Television evangelist Falwell dies at 73
UPDATE: The AP is now reporting that Falwell has died. We'll keep an eye on this as more info becomes available.
The Rev. Jerry Falwell was hospitalized in “gravely serious” condition after being found unconscious Tuesday in his office at Liberty University, a school executive said.
Ron Godwin, the university's executive vice president, said Mr. Falwell, 73, was found unresponsive around 10:45 a.m. and taken to Lynchburg General Hospital. Mr. Godwin said he was not sure what caused the collapse, but he said Mr. Falwell “has a history of heart challenges.”
“I had breakfast with him, and he was fine at breakfast,” Mr. Godwin said. “He went to his office, I went to mine, and they found him unresponsive.”
Mr. Godwin said Mr. Falwell was receiving emergency care. A hospital spokeswoman said she had “no information to release at this time.”
Mr. Falwell, a television evangelist who founded the Moral Majority, became the face of the religious right in the 1980s. He later founded the conservative Liberty University and serves as its president.
and from CTV
The Rev. Jerry Falwell, a television evangelist who became the face of the religious right in the 1980s, died on Tuesday. He was 73.
Falwell was found unconscious at his office in Liberty University at about 10:45 a.m., a school executive said.
He was taken to Lynchburg General Hospital, the university's executive vice-president Ron Godwin told The Associated Press.
Rev. Jerry Falwell, a four-star general in the Religious Right's culture wars and a televangelist whose Moral Majority group forged conservative Christians into a formidable political force, died Tuesday after collapsing in his office in Lynchburg, Va.
Falwell, an influential man with a booming voice and a penchant for provocative statements, was 73. Speaking at a news conference, Falwell's personal cardiologist, Dr. Carl Moore, said Falwell had suffered from heart problems and likely had died from cardiac arrhythmia, a heart rhythm abnormality that occurs without warning.
Founder and pastor of Lynchburg's Thomas Road Baptist Church for more than 50 years, Falwell played a major role in taking evangelism from the revival tent to the television screen to a prominent seat at the table of national politics. He achieved national stature -- as well as the covers of Time and Newsweek magazines -- for spurring conservative Christians into political action beginning with his founding of the Moral Majority in 1979, a development that helped propel Ronald Reagan into the White House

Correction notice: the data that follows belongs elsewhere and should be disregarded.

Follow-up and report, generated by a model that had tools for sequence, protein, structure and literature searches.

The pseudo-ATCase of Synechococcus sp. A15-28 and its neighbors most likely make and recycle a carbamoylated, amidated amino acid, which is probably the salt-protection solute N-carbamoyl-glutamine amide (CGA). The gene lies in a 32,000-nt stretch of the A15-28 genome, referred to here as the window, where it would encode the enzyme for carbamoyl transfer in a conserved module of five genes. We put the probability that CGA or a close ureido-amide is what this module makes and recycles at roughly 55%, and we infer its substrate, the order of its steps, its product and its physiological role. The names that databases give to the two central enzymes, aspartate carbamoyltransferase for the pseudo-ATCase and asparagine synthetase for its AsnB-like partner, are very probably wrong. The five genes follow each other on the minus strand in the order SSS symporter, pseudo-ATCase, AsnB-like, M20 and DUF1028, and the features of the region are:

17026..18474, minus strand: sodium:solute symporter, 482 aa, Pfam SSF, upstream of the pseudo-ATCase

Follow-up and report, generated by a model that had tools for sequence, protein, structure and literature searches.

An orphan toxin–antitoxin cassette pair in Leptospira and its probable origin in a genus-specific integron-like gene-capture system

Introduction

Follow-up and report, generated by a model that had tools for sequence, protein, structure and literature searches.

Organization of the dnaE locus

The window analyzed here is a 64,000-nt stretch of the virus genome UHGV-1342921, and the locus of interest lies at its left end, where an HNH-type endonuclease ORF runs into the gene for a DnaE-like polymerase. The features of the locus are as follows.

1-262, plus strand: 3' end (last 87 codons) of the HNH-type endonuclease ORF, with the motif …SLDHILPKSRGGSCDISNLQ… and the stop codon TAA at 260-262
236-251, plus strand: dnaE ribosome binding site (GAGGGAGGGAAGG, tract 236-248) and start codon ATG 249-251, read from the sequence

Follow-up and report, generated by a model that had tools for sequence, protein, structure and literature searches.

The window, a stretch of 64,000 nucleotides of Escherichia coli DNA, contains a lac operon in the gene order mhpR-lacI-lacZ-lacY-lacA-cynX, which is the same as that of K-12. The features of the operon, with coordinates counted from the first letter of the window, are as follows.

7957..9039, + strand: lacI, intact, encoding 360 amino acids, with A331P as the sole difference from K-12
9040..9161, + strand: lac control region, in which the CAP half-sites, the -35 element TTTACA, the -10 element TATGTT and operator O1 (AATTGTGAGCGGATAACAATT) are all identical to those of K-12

Falwell's Death Draws Mixed Editorials
The death Tuesday of conservative minister Jerry Falwell, who led the rise of Christian politics, but sparked controversy with his anti-gay and anti-liberal comments, drew mixed reactions on editorial pages today as some papers sought to point out his successes, while others called him a divider and an exploiter.
While The New York Times, The Washington Post, Los Angeles Times or USA Today did not offer editorials on his death, a string of other dailies weighed in, from Maryland to California.
The News & Advance of Lynchberg, Va., where Falwell's Liberty University is located, praised the late leader, calling him "a minister who loved the Lord and took seriously Christ's admonition to carry the Gospel to the four corners of the globe." The paper also devoted its entire front page to Falwell's death, with more than four pages of inside coverage.
"Falwell was determined to counter what he saw as a coarsening of American culture with a message calling the country back to its faith, the faith of a simpler time from his days growing up in the Brookville section of Campbell County," the editorial stated."
By contrast, the more liberal San Francisco Chronicle, while noting Falwell's impact and political power, stressed his use of faith to counter progressive beliefs.
"Falwell ... knew how to exploit the growing power of television to expand his ministry by reaching out to new audiences. His rise as a political force in the 1980s, however, came through his adeptness at identifying and exploiting cultural and religious divisions," a Chronicle editorial stated. "Over time, Falwell marginalized himself with his over-the-top statements, such as his contention that purple-clad TV character Tinky Winky was a gay role model and morally damaging for kids. Two days after the Sept. 11, 2001, terrorists attacks, Falwell suggested that abortionists, feminists, gays and lesbians, the ACLU, liberals and others who tried to 'secularize America" had made God angry and had "helped this happen.' He later apologized."